The vast majority of energy produced by renewable sources goes towards electricity. This section of the guide provides resources for learning about the electric power sector and electrical grid in the United States. The U.S. has three primary transmission grids that create a network to connect local girds to increase reliability: the Eastern Interconnection, the Western Interconnection, and the Electricity Reliability Council of Texas (ERCOT), which is also called the Texas Interconnection.1 There are also electric power marketplaces, which distribute electricity from power producers to customers. These marketplaces can be independent system operators (ISOs) or regional transmission organizations (RTOs). Because they function similarly, they are often grouped together, and are also known, especially in Europe, as transmission system operators (TSOs).2 In addition to the wholesale and retail energy markets, some ISOs and RTOs also have capacity markets, where power generators are paid to maintain generation capacity in reserve, to increase grid reliability.3 ISOs and RTOs cross state lines, so they are regulated by the Federal Energy Regulatory Commission (FERC). In 2006, FERC authorized the North American Electric Reliability Corporation (NERC), a non-profit non-governmental international regulatory authority, to be the national Electric Reliability Organization of the United States. NERC ensures the reliability and security of the electric grid for the contiguous United States, Canada and the northern portion of Baja California, Mexico.4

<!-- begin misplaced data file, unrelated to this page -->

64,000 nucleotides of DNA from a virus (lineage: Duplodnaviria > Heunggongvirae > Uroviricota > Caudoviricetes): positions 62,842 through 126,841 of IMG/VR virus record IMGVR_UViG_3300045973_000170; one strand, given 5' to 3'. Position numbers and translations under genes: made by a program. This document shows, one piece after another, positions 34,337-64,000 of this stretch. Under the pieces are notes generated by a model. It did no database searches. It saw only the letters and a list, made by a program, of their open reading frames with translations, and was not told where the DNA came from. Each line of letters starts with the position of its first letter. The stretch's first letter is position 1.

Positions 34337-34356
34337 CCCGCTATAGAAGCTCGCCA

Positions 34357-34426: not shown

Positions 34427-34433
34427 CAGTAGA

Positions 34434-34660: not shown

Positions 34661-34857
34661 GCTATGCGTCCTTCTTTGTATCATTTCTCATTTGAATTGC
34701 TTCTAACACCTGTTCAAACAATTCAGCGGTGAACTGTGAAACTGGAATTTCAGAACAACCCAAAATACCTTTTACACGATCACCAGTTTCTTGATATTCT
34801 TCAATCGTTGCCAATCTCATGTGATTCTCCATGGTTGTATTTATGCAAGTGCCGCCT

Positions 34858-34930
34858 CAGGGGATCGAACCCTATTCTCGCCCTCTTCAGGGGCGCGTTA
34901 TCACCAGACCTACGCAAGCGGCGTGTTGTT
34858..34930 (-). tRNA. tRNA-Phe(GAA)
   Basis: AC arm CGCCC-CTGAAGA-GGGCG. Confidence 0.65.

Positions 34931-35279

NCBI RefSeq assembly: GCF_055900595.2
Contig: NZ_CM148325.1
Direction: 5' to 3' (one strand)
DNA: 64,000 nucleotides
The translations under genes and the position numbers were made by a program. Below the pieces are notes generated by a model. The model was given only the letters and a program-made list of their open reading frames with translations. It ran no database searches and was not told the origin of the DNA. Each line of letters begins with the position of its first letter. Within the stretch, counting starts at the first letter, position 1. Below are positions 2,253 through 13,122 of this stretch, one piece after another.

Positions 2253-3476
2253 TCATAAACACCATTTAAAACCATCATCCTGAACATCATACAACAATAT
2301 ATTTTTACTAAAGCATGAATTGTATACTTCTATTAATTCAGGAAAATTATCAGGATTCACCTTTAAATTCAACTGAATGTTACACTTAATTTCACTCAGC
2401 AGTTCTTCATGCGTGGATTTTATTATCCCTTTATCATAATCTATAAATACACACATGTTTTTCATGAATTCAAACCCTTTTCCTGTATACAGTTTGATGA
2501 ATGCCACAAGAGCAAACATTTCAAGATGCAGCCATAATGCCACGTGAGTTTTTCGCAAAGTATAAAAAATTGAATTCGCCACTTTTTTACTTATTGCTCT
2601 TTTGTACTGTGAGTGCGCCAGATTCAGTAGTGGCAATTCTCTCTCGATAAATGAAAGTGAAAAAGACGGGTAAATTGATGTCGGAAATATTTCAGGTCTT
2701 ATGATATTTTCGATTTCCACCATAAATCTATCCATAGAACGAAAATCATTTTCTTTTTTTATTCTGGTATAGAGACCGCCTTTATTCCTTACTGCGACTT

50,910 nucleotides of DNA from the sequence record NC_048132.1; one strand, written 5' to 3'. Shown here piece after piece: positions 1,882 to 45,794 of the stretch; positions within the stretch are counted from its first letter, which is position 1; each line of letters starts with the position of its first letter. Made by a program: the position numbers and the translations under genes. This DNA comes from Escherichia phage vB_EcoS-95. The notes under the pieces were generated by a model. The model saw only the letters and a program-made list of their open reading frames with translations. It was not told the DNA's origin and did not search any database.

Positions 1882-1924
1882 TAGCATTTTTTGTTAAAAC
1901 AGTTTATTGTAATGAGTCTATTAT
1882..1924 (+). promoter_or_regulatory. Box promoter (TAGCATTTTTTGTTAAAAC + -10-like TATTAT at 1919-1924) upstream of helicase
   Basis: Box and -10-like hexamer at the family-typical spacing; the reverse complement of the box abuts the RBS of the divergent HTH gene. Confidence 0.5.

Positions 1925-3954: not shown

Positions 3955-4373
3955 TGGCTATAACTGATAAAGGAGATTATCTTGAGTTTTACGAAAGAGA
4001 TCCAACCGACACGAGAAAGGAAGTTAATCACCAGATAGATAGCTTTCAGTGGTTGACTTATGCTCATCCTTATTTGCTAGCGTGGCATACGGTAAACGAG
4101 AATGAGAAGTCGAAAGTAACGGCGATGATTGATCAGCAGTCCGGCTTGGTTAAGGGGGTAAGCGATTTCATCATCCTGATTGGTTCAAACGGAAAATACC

Smart grids, microgrids, and distributed generation (or distributed energy resources) are features often discussed in regards to modernizing the electrical grid, and they provide opportunities for renewable energy producers to enter the energy market.5
The following online resources are useful starting points for understanding the U.S. power grid, starting with Congressional Research Service Reports:
The U.S. Energy Information Administration (EIA) releases short energy news articles in their publication Today in Energy. The following two articles talk about the electric grid, but more information about the electric power sector can be found by doing a keyword search or browsing by tag.
Additionally, government agencies, organizations, and energy journalists have written helpful overviews explaining the power grid. Some useful starting points are linked below.
The following online resources provide information on electric power sector, its history, and new technologies.
The following materials link to fuller bibliographic information in the Library of Congress Online Catalog. Links to additional online content are provided when available.